The Hydroponic, Robotic Future of Farming in Greenhouses

Matt Simon for Wired:  WHEN YOU THINK of automation, you probably think of the assembly line, a dramatic dance of robot arms with nary a human laborer in sight. But that’s child’s play. The grandest, most disruptive automation revolution has played out in agriculture. First with horses and plows, and eventually with burly combines—technologies that have made farming exponentially cheaper and more productive. Just consider that in 1790, farmers made up 90 percent of the US workforce. In 2012, it was 1.5 percent, yet America still eats.

Here in 2017, the automation revolution in agriculture is poised to take on a whole new life—thanks to robots. In a nondescript office park in Silicon Valley, a startup called Iron Ox is taking the first steps toward roboticizing greenhouse farming, which has so far stubbornly resisted automation. In the very near future, then, the salad on your table may come from the hand of a robot.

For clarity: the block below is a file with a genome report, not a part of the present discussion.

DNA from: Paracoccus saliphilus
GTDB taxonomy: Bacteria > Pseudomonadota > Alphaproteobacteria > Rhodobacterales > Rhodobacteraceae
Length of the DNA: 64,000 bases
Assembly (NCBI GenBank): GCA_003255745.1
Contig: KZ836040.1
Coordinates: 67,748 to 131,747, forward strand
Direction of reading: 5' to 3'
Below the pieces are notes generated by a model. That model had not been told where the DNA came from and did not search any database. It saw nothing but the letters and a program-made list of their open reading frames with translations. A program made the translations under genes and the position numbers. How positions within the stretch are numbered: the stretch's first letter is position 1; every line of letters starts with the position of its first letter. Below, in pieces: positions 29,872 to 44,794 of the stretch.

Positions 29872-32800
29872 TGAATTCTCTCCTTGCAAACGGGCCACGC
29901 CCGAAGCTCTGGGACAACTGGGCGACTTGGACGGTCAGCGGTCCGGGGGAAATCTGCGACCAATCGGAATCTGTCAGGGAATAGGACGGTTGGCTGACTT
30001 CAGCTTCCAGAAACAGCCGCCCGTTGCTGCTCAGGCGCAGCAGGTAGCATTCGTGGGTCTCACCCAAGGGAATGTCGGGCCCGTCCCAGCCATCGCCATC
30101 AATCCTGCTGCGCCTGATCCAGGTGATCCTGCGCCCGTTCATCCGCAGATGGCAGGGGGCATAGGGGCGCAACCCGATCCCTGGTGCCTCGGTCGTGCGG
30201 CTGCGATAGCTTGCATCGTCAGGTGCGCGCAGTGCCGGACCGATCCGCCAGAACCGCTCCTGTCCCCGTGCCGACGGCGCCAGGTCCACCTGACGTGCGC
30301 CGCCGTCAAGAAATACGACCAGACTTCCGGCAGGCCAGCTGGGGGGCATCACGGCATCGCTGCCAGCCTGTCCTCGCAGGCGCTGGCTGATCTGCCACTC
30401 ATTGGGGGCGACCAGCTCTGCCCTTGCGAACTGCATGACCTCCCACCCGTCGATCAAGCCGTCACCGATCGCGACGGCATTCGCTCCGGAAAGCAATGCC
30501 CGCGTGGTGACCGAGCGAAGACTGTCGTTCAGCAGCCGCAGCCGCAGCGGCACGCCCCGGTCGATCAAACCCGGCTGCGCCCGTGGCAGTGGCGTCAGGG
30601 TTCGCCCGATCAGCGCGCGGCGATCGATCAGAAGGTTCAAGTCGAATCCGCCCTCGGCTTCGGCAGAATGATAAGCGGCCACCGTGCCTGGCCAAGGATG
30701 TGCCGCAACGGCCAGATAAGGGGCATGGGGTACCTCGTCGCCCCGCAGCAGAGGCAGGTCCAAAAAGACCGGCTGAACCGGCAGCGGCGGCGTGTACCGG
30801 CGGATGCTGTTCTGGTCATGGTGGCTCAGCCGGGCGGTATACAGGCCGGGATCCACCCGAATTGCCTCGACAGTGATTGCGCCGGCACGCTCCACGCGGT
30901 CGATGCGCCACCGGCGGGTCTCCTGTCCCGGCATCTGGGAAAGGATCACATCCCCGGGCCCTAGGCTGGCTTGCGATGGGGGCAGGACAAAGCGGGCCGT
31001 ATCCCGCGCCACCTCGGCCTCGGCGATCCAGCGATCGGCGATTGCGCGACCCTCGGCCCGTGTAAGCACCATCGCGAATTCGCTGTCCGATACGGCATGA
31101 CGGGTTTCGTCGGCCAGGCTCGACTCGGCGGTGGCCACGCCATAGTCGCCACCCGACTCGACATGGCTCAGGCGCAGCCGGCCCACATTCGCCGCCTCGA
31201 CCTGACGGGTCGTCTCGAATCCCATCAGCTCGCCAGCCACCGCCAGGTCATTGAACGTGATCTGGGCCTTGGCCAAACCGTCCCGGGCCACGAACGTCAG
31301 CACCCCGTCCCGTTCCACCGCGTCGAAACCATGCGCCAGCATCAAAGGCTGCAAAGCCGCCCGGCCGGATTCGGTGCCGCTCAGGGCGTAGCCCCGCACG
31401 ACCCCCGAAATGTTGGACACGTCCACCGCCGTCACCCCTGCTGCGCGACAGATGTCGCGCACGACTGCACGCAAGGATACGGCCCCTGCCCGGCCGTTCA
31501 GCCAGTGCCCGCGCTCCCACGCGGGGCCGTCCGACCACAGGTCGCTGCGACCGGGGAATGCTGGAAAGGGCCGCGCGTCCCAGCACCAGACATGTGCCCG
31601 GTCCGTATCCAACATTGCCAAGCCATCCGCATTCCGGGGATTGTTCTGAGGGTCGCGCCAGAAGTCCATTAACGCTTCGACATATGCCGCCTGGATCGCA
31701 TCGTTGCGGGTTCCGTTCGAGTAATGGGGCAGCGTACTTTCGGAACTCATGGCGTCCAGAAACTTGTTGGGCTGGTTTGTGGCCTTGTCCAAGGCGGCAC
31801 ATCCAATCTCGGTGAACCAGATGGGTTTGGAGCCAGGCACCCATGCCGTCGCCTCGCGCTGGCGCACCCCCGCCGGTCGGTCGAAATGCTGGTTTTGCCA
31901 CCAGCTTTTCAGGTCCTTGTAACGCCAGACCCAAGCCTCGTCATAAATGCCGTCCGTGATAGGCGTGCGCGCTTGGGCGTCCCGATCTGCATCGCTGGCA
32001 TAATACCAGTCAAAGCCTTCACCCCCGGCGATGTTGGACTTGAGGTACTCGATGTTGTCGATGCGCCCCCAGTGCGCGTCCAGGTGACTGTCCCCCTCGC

Unlike a lot of indoor farming operations, Iron Ox isn’t joining the booming movement of LED-powered grow houses. It’s still very much interested in harnessing the energy of the sun (free energy!). So it’s invading the greenhouse instead. “The problem up until today is that greenhouse production costs around twice as much to grow a head of lettuce as the outdoor farm,” says Brandon Alexander, CEO of Iron Ox. “And one reason is there's no there's no tractors or anything indoors.”  Full Article:

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